APPARENTLY, a Swedish newspaper this week ruminated on the fact that Malmö had become a fearsome force in the European domain since more of their players started sporting facial fuzz. As the visitors last night came within a whisker of enduring a tie-ending opening to the Glasgow first leg of their Champions League play-off, the beard blether seemed something of a shaggy gob story.
By the end of 95 pulsating minutes, though, it was anything but. And all because of the man with the biggest bush of all on his chin. Jo Inge Berget produced a hair-of-the-dog performance where his days playing at Celtic Park were concerned. The football fates often decree this will be the case when a former player visits a club where he, eh, couldn’t cut it.
That was why so much of the chat beforehand had centred on the possibility that Berget would have an impact at Glasgow that had eluded him during a desperate six-month loan stint with the Scottish champions as Ronny Deila sought to settle into his new post.
Berget had discussed the possibility in the pre-match press conference by talking of “revenge” after the misery of his time at the club. He exacted a measure of that – and more importantly put his team right back into contention in the tie – when he lashed a diagonal effort high past Craig Gordon from the left-hand edge of the area only minutes into the second half.
It was a moment to have him twirling the extremities of his hipster beard with delight. The problem for Berget and his team was that they found themselves back two goals behind when Leigh Griffiths netted with a looping header after he had opened the scoring inside three minutes.
But Berget was to have the most dramatic impact when he arrowed a shot into the roof of the net from close range after Celtic failed to clear a corner in the fifth minute of added time. The slender 3-2 advantage to Deila’s side ensured Malmö were much the happier of last night’s combatants ahead of the Swedish leg next Tuesday.
It all seemed so clean cut for Celtic after 20 minutes. With his side two goals down and all over the (barber’s) shop, Age Hareide might have felt like getting the tweezers to the nasal hair of his charges just to snap them out of their daze.
We are conditioned to imbed national stereotypes into our perceptions of football teams and there was an expectation that the Swedish traits of athleticism and physical strength would be to the fore in Malmö’s efforts. Yet it was precisely the absence of such that allowed Celtic to run them ragged in those early stages. During that period, the beardies – all six of them in dark blue – were left looking like bum-fluffers.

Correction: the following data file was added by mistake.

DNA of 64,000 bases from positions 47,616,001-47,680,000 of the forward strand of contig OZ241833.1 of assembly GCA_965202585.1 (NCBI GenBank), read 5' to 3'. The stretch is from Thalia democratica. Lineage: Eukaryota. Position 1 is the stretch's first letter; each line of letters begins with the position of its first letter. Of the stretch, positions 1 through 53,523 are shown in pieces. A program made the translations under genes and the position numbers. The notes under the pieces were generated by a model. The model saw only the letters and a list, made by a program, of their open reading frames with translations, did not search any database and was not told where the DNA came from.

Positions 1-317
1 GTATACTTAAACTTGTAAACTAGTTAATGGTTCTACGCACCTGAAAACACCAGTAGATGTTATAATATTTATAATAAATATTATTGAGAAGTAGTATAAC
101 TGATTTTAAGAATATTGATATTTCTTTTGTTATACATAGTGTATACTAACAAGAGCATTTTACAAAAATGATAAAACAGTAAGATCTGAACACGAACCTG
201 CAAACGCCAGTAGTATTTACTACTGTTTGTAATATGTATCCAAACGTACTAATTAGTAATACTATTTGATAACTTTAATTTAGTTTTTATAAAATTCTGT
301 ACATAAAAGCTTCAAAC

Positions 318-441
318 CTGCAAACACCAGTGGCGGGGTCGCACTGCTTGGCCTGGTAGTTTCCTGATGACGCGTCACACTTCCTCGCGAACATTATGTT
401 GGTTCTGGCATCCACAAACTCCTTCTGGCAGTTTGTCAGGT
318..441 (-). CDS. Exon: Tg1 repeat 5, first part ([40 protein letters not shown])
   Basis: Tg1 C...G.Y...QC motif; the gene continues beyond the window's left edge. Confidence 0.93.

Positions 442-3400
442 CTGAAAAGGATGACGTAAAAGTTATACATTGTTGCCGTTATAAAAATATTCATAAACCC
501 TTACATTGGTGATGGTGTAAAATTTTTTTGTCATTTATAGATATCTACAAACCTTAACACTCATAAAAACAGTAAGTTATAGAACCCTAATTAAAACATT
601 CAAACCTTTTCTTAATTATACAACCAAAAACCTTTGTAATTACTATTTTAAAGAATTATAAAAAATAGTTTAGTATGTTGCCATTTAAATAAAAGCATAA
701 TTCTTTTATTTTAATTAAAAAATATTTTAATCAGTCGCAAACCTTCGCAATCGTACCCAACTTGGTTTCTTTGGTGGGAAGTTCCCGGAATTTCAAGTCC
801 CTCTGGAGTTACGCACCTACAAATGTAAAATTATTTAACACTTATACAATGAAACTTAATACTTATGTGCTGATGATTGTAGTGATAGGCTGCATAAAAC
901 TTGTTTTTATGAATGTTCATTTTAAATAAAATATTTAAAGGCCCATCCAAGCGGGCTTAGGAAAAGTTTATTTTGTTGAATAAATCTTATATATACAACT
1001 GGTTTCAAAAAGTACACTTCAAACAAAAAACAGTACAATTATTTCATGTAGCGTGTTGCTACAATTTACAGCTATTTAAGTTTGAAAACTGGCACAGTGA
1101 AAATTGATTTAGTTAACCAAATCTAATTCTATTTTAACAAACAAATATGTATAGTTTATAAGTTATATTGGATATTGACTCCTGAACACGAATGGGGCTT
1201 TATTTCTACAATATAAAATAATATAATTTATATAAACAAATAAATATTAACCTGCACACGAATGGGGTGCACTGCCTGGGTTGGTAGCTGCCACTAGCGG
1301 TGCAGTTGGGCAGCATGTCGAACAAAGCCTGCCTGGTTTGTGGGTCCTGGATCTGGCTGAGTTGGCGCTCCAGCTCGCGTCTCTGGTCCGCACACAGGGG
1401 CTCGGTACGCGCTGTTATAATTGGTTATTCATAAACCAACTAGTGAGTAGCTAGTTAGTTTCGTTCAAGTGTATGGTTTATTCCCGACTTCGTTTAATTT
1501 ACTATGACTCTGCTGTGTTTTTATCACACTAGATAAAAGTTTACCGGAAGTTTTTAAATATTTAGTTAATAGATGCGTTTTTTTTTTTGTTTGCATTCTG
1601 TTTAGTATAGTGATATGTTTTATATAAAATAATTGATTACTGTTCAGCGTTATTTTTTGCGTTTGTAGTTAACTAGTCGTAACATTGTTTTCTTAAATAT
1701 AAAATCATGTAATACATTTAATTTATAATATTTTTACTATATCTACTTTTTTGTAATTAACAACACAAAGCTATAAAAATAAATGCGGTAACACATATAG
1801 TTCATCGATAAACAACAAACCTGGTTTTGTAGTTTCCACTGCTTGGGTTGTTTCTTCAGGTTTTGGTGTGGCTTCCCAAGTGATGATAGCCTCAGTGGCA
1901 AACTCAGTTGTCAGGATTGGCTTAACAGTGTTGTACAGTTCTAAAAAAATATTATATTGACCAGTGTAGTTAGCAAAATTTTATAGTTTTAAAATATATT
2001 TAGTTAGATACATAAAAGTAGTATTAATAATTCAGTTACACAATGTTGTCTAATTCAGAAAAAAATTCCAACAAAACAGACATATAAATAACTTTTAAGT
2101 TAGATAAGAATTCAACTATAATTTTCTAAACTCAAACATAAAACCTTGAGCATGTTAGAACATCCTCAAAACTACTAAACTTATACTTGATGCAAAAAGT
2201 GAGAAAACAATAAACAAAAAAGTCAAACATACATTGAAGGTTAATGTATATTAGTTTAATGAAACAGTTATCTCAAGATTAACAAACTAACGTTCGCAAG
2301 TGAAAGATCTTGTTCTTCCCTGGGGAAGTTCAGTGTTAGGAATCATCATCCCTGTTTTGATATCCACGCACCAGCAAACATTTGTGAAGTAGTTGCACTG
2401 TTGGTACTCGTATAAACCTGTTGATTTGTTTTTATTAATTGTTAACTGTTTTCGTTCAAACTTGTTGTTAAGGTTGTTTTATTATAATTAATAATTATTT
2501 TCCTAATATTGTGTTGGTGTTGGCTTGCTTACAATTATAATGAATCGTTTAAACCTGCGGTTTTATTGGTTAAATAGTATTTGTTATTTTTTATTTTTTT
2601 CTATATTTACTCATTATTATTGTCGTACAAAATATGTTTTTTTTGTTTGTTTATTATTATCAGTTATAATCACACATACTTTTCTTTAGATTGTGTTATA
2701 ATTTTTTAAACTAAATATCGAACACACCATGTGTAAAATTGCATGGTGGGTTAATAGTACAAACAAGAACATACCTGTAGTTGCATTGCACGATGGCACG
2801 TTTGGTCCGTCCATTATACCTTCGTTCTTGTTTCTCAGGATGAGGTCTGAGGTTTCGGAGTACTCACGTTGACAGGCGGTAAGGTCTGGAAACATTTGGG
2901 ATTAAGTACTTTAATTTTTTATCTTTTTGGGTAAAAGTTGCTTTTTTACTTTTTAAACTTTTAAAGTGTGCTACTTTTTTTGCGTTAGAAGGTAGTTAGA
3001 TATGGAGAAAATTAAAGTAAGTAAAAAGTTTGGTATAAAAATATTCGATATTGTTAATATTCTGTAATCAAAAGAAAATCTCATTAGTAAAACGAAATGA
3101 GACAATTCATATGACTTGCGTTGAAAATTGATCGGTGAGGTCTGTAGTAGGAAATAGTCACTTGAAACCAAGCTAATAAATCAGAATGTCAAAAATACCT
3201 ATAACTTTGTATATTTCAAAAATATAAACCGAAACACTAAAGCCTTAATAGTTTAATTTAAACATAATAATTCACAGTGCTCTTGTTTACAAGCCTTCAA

No-one more so than captain and former Aberdeen midfielder Kari Arnasson. Although Griffiths’ third-minute goal was a product of pace and movement, the striker was able to benefit from Stefan Johansen’s slick through pass because centre-back Arnasson sluggishly played him onside. And Arnasson looked like a cultured midfielder not cut out to be a commanding defender when Nir Bitton powered in a 10th-minute header from a Johansen corner to leave the Swedish champions reeling.
The angst in their ranks was illustrated by Hareide taking to the edge of his technical area shortly afterwards to harangue Scott Brown for perceived over-zealousness.
In getting himself into the action as his side were struggling to do so, the wily 61-year-old was perhaps deploying a measure of psychology.
It was as if he was saying; “I’m standing up to these bruisers, time you did!” His side seemed to respond, showing an ability to hang tough, and pushing themselves up the pitch. When they did so, the fragility of Dedryck Boyata told them there was something in this first leg for them.
On the back of that blistering opening spell, it told of the changing dynamics of the game that it was Celtic who were relieved to hear the whistle for half-time and that there had been no scoring subsequent to that opening salvo. The warning signs were there and Malmö proved they were not at Celtic Park last night simply to watch the grass, or their beards, grow.